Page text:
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'More than an athlete' | Vigil for NBA legend Kobe Bryant to be held near African American Civil War Memorial

Eight others died in the helicopter crash, including Bryant's daughter Gianna.

WASHINGTON — NBA star Kobe Bryant tragically died during a helicopter crash in Calabasas, California Sunday afternoon. He was 41 years old, and the accident happened only years since his retirement from the league in 2016 after 20 seasons.  

His daughter Gianna also died in the helicopter, along with seven others. 

The nine victims include Kobe Bryant and Gianna Bryant, John Altobelli, Keri Altobelli and Alyssa Altobelli, Christina Mauser, Sarah Chester and Payton Chester and Ara Zobayan.

The nation is now mourning the sudden passing of Bryant. From celebrities to professional athletes, thousands are grieving the NBA legend's death. Bryant was a hero to people around the world. A little closer to home, many are remembering his legacy right here in the District.

The National Black United Front is holding a vigil at the African American Civil War Memorial for the NBA star Friday at 5 p.m. at the memorial in D.C.

Credit: AP
FILE - At left, in a Jan. 25, 2013, file photo, Los Angeles Lakers guard Kobe Bryant goes up for a dunk during the first half of an NBA basketball game against the Utah Jazz, in Los Angeles. At right, in a July 12, 1996, file photo, Kobe Bryant, 17, jokes with the media as he holds his Los Angeles Lakers jersey during a news conference in Inglewood, Calif. Two numbers go into the Staples Center rafters when the Los Angeles Lakers retire the jerseys of Kobe Bryant, the five-time NBA champion and top scorer in franchise history. The Lakers will hang No. 8 and No. 24, representing both halves of Bryant's storied 20-year career. (AP Photo/File)

"Join us for a special prayer vigil of remembrance for the life and legend of Kobe Bryant," the release said. "Kobe Bryant has touched so many people in so many ways and it is only right that we take a moment to honor him and his family. We ask that you join the DMV Community in honoring our fallen brother and his family."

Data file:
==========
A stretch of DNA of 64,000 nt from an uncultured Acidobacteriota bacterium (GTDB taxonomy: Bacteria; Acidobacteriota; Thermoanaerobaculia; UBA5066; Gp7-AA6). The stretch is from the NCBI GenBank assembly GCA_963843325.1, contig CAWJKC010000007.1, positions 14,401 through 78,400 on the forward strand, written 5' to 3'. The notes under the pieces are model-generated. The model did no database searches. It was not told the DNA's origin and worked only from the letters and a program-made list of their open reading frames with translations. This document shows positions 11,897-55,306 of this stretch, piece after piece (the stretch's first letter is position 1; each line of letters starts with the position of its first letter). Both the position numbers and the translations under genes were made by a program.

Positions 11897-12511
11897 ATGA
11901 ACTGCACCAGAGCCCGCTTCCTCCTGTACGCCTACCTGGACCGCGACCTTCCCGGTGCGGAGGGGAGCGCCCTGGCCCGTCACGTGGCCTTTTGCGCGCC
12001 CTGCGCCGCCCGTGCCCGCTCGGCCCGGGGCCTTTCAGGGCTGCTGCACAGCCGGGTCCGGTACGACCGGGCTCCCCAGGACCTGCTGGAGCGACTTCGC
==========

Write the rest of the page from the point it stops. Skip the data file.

Those who want to attend should RSVP. The memorial is asking everyone to bring a white candle.

The memorial called Bryant "more than an athlete," which is true in many regards. Bryant and his family were activists. The Kobe and Vanessa Bryant Foundation contributed more than a million dollars to the National Museum of African American History and Culture. 

Bryant is honored in the museum among other legacies. A signed No. 8 Lakers jersey has a home in the sports exhibit along with the one he wore as No. 24 in the 2008 NBA Finals. 

President Barack Obama joins Los Angeles Lakers guard Kobe Bryant and the rest of the Lakers in a visit to the Boys and Girls Club to prepare Christmas care packages, Monday, Dec. 13, 2010, in Washington. Coach Frank Hamblin is at rear. (AP Photo/J. Scott Applewhite)

His community extended beyond Los Angeles as seen in a 2010 photo with President Barack Obama as they assembled care packages for wounded warriors. 

His advocacy and giving foundation has touched lives across the nation. Many are celebrating his life with the hopes they'll do him the justice he did to communities around the world.

RELATED: Kobe Bryant helicopter crash: What we know now

RELATED: Kobe Bryant's last game in Washington: Fans gave him standing ovation

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